Thursday, April 10, 2014

Five Apps for Inspiring Secondary Presentations

Here are some of my 5 favorite apps for secondary-level presentations. They look more like the kinds of presentations I saw when I was in the business world and less like the dioramas I made in second grade. See if one of them inspires your middle school or high school students!

Voice Thread: Here's an example of a Voice Thread that includes instructions and then participation from several example students. VT is easy to use and students can chime in at any time - from their phone at home, the iPad in class, wherever - and then you can review the final product with everyone's input.

Padlet: Great for group work - students can contribute many different images, links, or ideas to one bulletin board via anything with a browser. Clean interface and you can sign in once per group or class (Example). (How to video for using padlet)

Glogster: Similar to Padlet, it's basically the online version of the old posterboard (with links, video, sound, social connections, etc.). A little bit messier of an interface but I like the templates that can guide students new to the format. Here's an example Glogster that I created with a class's project instructions. 

HaikuDeck: Let my internet-friend Rafranz Davis tell you why Haiku Deck is awesome. If Power Point had been born on a touchscreen device, and was pretty, it would look like this.

Thinglink: Upload an image (Like the one below) and then create hotspots that can include voice, video, links, etc. Students can explain a diagram, or ...whatever.  If you use this, I suggest getting a Soundcloud account to store your voice clips on.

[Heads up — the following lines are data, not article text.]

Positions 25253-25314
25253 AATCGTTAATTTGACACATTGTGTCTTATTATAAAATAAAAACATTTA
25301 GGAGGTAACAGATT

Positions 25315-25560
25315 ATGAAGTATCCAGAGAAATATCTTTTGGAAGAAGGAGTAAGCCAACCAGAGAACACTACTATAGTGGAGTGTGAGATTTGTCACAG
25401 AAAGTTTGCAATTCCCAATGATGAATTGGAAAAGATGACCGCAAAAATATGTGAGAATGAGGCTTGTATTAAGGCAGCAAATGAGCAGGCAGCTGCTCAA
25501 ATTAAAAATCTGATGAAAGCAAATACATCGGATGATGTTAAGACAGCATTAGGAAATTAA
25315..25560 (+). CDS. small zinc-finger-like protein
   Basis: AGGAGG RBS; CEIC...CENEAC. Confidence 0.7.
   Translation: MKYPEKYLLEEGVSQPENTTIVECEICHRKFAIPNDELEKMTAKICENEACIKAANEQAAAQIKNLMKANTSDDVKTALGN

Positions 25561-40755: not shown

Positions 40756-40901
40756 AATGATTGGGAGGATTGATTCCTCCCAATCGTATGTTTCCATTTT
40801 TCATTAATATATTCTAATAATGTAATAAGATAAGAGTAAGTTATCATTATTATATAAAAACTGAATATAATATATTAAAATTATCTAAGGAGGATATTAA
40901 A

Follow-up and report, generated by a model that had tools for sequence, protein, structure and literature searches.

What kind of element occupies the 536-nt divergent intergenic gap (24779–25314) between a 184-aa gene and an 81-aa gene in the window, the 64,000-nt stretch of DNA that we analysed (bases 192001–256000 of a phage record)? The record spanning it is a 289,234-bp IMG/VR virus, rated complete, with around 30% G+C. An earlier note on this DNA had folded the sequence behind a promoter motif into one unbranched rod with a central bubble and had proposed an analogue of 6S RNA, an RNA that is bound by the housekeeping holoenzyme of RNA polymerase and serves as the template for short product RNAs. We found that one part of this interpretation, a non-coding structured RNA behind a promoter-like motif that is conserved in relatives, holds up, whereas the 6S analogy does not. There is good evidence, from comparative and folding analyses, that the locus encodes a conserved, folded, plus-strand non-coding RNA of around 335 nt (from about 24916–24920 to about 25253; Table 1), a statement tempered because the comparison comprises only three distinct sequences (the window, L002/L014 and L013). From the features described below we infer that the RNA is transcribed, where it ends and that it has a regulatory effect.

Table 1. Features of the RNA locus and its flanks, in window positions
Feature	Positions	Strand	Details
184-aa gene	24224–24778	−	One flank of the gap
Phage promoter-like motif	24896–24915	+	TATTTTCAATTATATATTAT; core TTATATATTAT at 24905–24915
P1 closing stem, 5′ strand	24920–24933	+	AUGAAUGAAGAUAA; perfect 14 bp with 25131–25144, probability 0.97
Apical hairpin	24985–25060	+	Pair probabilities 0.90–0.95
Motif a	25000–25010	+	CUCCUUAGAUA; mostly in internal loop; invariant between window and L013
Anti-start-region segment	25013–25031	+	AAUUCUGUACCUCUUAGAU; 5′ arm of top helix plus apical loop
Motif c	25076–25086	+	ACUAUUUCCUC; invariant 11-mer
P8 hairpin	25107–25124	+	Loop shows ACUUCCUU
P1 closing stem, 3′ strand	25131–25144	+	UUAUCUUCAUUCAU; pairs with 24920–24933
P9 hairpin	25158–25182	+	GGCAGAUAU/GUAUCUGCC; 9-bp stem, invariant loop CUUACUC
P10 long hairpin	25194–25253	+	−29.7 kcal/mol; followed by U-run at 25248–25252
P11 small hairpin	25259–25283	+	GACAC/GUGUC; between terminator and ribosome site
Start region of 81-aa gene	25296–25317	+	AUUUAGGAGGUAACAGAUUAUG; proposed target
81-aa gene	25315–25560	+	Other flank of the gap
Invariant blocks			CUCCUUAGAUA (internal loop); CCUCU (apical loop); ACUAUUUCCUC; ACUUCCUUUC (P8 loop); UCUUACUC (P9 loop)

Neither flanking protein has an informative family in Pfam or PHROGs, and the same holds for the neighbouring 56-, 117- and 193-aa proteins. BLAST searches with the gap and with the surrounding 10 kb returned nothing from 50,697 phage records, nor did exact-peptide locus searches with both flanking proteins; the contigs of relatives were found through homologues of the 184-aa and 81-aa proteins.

http://www.thinglink.com/scene/427138268774006784
I hope the examples give a picture of the Presentations 2.0 future for you. If you think twice before you begin, you can get twice as much out of your tablets...and hopefully, your students!






Two Questions to Ask Before Using iPads for Secondary

Several secondary teachers have recently approached me with the same question about the iPad: What am I supposed to do with this thing?
Searching for "confused teacher" images was the highlight of this post.

Fair question. The first thought most teachers have is to use the iPad to do things they've been doing - writing papers, doing Power Points, completing worksheets. Simply using new technology to do these things is supposed to be more motivating for the students.

Well, teachers are having second thoughts. Kids are so over the newness of the hardware. They and their teachers are finding that presentations and papers are complicated to save and share on tablets. And we already knew that worksheets are boring after a while no matter what.

Can tablets be useful for older students doing "real" work? Yes. But first, we need to answer two important questions:


How will they turn it in? My district is switching over to Gaggle, an all-in-one solution for student email,
digital lockers, and more. Their assignment dropboxes are a feature that initially attracted me to the product and I will write more here about how that goes for us.  In the transition we've also used Dropbox and Evernote to create classroom folders where students are expected to turn in work.
I also recommend familiarizing yourself with the AirDrop feature of iPads - students can easily share images during class (also something watch out for!). 

Where will you show it off?  You want groups of students to see how you've evaluated their and others' work..much like that old classroom bulletin board. Again, we're moving toward using Gaggle's class blog feature, but teachers have been posting to classroom webpages, featuring student work on Pinterest, or creating Flickr galleries  (For 7th and younger, I am a big fan of KidBlog as well).

Once your digital workflow is established, think of the end product with an open mind.  If you aren't teaching the specific skill of long-form paper writing, consider the workplace. Smart, snappy, visually helpful presentations are required to efficiently share knowledge and help others know what to do next.

Several applications that work beautifully with tablets' touch screen can create good looking, smart packages that your students will be proud to share. Check them out in my next post.